Exploratory assignment 1
- Go to a random website
- Use inspect
- Create a DOM tree for the page that shows at least 6 layers.
- Keep the page open a little while longer...
MDN describes the DOM as:
"... a programming interface for HTML and XML documents. It represents the page so that programs can change the document structure, style, and content. The DOM represents the document as nodes and objects. That way, programming languages can connect to the page."- MDN contributors (2020) Introduction to the DOM [online] available from https://developer.mozilla.org/en-US/docs/Web/API/Document_Object_Model/Introduction [23 January 2020]
The document is an object, and each object can have some methods and properties attached.
Let's have a look at some of the properties attached to the document object:
To access a single element on the page, we may use the .getElementByID() method:
To use the .getElementById() method, the element that we want to access needs to have an id.
In the example above, we use the document object along with the .getElementById() method to access the element on our page with the id of mainHeading.
The id is written inside the parentheses of the method and in quotation marks (either single or double)
Once we have accessed the element, we may look at what's inside it:
Notice that in this example, instead of typing the whole thing (document.getElementById("mainHeading").innerHTML) just use the name of the variable we used to store the element (h1) and then read the .innerHTML property.
Doing it this way enables us to read the content of the element, but we can also change it by assigning a new value to it:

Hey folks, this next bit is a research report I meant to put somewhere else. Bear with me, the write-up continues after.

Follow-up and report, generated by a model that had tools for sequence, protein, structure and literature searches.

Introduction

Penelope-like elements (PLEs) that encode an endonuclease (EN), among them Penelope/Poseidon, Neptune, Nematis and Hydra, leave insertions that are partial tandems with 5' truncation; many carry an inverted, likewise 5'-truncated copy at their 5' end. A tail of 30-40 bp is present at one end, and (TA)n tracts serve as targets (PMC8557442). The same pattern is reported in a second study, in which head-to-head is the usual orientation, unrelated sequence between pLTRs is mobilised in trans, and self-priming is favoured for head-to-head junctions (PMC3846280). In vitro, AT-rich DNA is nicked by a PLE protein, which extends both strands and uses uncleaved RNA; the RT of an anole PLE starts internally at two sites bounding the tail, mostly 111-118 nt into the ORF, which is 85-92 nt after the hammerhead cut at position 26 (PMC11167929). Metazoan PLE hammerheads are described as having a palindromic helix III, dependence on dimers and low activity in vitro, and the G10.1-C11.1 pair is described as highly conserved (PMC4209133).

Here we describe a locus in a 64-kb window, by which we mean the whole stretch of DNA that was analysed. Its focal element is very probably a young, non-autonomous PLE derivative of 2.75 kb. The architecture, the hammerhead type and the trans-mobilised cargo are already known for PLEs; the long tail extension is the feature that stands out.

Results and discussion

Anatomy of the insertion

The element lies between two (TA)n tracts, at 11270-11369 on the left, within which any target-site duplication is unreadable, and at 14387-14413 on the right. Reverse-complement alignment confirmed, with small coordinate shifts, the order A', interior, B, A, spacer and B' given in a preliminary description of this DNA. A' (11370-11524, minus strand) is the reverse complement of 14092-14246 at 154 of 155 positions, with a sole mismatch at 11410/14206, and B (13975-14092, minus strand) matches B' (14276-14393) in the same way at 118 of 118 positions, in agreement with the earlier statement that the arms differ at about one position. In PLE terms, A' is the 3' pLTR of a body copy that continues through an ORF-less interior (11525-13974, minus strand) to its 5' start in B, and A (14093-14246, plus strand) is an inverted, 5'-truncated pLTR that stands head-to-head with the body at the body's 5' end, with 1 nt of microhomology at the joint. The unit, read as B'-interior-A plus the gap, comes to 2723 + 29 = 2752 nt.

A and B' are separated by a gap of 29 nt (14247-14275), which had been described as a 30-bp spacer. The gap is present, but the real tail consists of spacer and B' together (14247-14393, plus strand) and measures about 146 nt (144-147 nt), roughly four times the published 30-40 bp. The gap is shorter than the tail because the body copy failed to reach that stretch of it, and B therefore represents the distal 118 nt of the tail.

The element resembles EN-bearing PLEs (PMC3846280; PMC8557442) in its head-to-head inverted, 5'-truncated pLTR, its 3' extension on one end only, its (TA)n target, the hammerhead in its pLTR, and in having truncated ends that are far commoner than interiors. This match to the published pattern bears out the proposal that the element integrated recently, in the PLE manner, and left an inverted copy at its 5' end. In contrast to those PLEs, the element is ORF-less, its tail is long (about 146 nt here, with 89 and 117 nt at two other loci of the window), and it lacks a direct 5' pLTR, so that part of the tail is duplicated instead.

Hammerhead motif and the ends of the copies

In this example, we assign a new value to our element's innerHTML property; the string "Hello Spring!".
Notice that we're no longer just logging to the console, but actually changing the content on the page.
We may also change the style instructions of the element, accessing the .style property:
Notice that the .style property is followed by the CSS property that we wish to change: In the first statement, we change the value of the color property to white, and in the second one we change the background-color property to black.
Be aware that CSS properties with a dash are written in camelCase and NOT with a dash! This goes for all CSS properties that contain a dash.
NB: If you inspect the element, you will notice that the style instructions are added to the element inline - and so we're not changing the actual CSS document this way, just overruling the style instructions in the stylesheet.
Instead of using the .getElementById() method, we may also use the .querySelector() method:
By using the .querySelector() method, we cannot only access the elements that has id attribute, but practically every element on the page. In the example above, we use it to access the body element.
We can also use the .querySelector() method to access an element that has a specific id:
... or a specific class:
Notice that id's are written with a # and classes with a .. Also be aware that this method will only return the first element that fits - e.g. if there are multiple elements that has the same class, it will only access the first.
When we have accessed an element, we can use it to "visit" it's parents, siblings and children:
The first property (.parentElement) is used to access the parent element of our element.
The second one (.previousElementSibling) is used to access the "elder" sibling of our element.
The third one (.nextElementSibling) is used to access the "younger" sibling of our element.
The fourth one (.firstElementChild) is used to access the first child element of our element.
The fifth one (.lastElementChild) is used to access the last child element of our element.
We can of course only access these elements if they exist.